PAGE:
friendships of the world shall bid him adieu, and the whole creation turn its back upon him, shall dismiss his soul, and close his eyes with that blessed sentence, "Well done, thou good and faithful servant, enter thou into the joy of thy Lord!”
For he, whose conscience enables him to
look God in the face with confidence here, shall be sure to see his face also with comfort hereafter.
Which God of his mercy grant to us all; to whom be rendered and ascribed, as is most due, all praise, might, majesty, and dominion, both now and for evermore. Amen.
TO THE MOST REVEREND FATHER IN GOD,
NARCISSUS, LORD ARCHBISHOP OF DUBLIN, HIS GRACE.*
THE particular acquaintance and friendship which your Grace was pleased to honour me with while you lived at Oxford, have imboldened me to address myself to your Lordship at this great distance of place, and greater of condition, in hopes that by your Grace's advancement to so high a station in the Church, that, which before was only friendship, may now improve into patronage and protection. And yet, as ambitious as I am of so ennobling a patronage, and as singular a value as I have for your Grace's favour, I must needs own, that the design of my present application to your Grace, is not so much to crave a favou. as to pay a debt; and, in answer to the many obligations I lie under, to congratulate your Grace on that height of dignity and greatness to which Providence has so happily raised you, and your own worth so justly entitled you; and so, without your seeking (and much less sneaking) for it, made you, to your great honour, to be sought for by it; there being (as from my heart I believe) few examples in the world of so much merit and so much modesty in conjunction.
It is, indeed, no small infelicity to the Church of England to have parted with so extraordinary a member; but none at all, I conceive, to your Grace, that you are placed where you are, especially if your Grace shall consider the present estate of our Church here, as through the arts of her enemies she stands divided against herself, and that only by two or three odd new terms of distinction maliciously invented, and studiously made use of for that base purpose; such a sovereign, or at least such a peculiar method, have some found out for preserving our Church, if the best way to preserve a body be by cutting it asunder. For those of the ancienter members of her communion, who have all along owned and contended for a strict conformity to her rules and sanctions, as the surest course to establish her, have been of late represented, or rather reprobated, under the inodiating character of high churchmen, and thereby stand marked out for all the discouragement that spite and power together can pass upon them; while those of the contrary way and principle are distinguished, or rather sanctified, by the fashionable endearing name of low churchmen, not from their affecting, we may be sure, a lower condition in the church than others, (since none lie so low but they can look as high,) but from the low condition which the authors of this distinction would fain bring the Church itself into, a work in which they have made no small progress already. And thus by these ungenerous, as well as unconscionable practices, a fatal rent and division is made amongst us; and being so, I think those of the concision who made it, would do well to consider whether that, which our Saviour assures us will destroy a kingdom, be the likeliest way to settle and support a church. But I question not but these dividers will very shortly receive thanks from the Papists for the good services they have done them; and, in the meantime, they may be sure of their scoffs.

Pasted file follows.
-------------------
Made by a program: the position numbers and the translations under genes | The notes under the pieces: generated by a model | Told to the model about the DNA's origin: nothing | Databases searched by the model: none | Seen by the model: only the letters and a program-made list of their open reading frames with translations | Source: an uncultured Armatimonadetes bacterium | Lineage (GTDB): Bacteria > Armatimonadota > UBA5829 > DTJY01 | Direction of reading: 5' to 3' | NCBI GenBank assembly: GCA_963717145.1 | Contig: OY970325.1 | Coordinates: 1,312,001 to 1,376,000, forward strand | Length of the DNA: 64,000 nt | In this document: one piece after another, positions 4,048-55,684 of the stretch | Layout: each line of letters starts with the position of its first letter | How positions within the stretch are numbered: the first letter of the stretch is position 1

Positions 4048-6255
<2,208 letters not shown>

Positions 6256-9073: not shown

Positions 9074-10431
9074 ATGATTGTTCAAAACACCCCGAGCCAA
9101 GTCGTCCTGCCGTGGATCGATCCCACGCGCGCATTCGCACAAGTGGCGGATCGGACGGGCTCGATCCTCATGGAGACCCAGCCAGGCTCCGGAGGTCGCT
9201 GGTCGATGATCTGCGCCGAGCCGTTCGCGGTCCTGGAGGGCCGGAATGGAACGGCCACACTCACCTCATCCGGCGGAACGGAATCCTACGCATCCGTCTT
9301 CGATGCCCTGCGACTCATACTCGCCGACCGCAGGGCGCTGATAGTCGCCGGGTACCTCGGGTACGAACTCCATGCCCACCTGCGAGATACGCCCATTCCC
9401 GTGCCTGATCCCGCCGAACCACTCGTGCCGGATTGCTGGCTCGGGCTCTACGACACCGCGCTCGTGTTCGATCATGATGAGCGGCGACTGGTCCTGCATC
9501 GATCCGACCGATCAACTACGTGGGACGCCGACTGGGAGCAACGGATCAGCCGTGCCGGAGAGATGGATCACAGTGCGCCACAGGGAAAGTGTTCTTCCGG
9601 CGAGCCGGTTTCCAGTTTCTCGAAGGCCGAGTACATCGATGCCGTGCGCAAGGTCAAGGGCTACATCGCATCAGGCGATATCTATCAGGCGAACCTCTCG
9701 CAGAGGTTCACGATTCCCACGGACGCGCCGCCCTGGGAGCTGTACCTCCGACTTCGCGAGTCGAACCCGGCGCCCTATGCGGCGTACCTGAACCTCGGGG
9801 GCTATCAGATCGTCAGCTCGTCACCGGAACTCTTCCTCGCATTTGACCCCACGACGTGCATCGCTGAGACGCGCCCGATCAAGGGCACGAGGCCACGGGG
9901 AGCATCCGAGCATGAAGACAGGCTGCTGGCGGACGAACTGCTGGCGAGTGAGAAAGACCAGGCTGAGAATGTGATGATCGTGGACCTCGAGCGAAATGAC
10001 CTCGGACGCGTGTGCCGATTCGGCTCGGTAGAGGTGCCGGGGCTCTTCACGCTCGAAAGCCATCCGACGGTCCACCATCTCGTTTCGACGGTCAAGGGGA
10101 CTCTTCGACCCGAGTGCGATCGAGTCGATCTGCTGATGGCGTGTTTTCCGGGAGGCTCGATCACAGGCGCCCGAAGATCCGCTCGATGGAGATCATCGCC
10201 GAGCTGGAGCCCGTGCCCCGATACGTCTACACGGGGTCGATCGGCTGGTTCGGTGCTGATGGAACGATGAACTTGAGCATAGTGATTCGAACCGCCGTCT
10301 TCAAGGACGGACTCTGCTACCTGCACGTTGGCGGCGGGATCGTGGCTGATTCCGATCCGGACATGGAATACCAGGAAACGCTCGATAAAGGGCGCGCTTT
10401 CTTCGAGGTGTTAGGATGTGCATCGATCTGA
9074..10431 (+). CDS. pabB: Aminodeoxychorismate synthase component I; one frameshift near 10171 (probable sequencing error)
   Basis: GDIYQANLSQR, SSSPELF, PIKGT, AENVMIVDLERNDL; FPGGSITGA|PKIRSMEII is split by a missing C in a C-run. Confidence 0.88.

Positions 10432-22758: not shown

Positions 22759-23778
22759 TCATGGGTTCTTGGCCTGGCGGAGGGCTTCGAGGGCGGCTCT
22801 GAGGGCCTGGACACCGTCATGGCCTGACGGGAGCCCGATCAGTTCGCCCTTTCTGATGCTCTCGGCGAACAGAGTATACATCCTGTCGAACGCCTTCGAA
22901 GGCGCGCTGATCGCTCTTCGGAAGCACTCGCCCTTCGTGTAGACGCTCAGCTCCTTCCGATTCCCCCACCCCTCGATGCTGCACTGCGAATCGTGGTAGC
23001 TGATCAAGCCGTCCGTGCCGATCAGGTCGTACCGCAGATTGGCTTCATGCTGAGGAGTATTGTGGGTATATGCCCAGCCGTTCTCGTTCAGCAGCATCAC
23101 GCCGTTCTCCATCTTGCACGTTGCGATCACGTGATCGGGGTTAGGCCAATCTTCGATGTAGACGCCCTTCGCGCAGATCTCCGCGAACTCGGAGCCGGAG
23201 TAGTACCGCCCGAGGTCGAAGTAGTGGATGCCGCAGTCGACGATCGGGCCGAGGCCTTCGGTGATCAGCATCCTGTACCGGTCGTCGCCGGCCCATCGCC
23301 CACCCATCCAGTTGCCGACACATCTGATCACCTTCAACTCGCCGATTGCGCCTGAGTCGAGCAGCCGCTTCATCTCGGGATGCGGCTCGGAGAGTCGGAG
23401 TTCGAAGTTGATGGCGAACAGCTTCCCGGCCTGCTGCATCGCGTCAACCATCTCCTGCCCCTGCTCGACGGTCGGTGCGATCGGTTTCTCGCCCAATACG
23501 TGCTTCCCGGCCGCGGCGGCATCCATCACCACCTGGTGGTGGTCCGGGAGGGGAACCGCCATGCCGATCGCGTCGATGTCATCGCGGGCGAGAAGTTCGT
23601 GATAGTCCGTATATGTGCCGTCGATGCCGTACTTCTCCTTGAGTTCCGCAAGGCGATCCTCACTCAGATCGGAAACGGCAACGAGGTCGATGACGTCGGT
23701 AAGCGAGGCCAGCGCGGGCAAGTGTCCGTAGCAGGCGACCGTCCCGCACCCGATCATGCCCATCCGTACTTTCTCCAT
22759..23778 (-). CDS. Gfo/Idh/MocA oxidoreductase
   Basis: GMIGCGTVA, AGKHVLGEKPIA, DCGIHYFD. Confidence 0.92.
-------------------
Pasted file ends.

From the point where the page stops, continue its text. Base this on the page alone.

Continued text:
Never certainly were the fundamental articles of our faith so boldly impugned, nor the honour of our Church so foully blemished, as they have been of late years; while the Socinians have had their full uncontrolled fling at both; and the Tritheists have injured and exposed them more by pretending to defend them against the Socinians, than the Socinians themselves did or could do by opposing them. For surely it would be thought a very odd way of ridding a man of the plague by running him through with a sword; or of curing him of a lethargy by casting him into a calenture, a disease of a contrary nature indeed, but no less fatal to the patient, who equally dies, whether his sickness or his physic, the malignity of his distemper or the method of his cure, despatches him. And in like manner must it fare with a church, which, feeling itself struck with the poison of Socinianism, flies to Tritheism for an antidote.
But at length happily steps in the royal authority to the Church's relief, with several healing injunctions in its hands, for the composing and ending the disputes about the Trinity then on foot; and those indeed so wisely framed, so seasonably timed, and (by the king, at least) so graciously intended, that they must, in all likelihood, (without any other Irenicon,) have restored peace to the Church, had it not been for the importunity and partiality of some, who having by the awe of these injunctions endeavoured to silence the opposite party, (which by their arguments they could not do,) and withal looking upon themselves as privileged persons, and so above those ordinances which others were to be subject to, resolved not to be silent themselves, but renewing the contest, partly by throwing Muggleton and Rigaltius, with some other foul stuff, in their adversaries' faces, and partly by a shameless reprinting (without the least reinforcing) the same exploded tritheistic notions again and again, they quite broke through the royal prohibitions, and soon after began to take as great a liberty in venting their innovations and invectives as ever they had done before, so that he who shall impartially consider the course taken by these men, with reference to those engaged on the other side of this controversy about the Trinity, will find that their whole proceeding in it resembles nothing so much as a thief's binding the hands of an honest man with a cord much fitter for his own neck.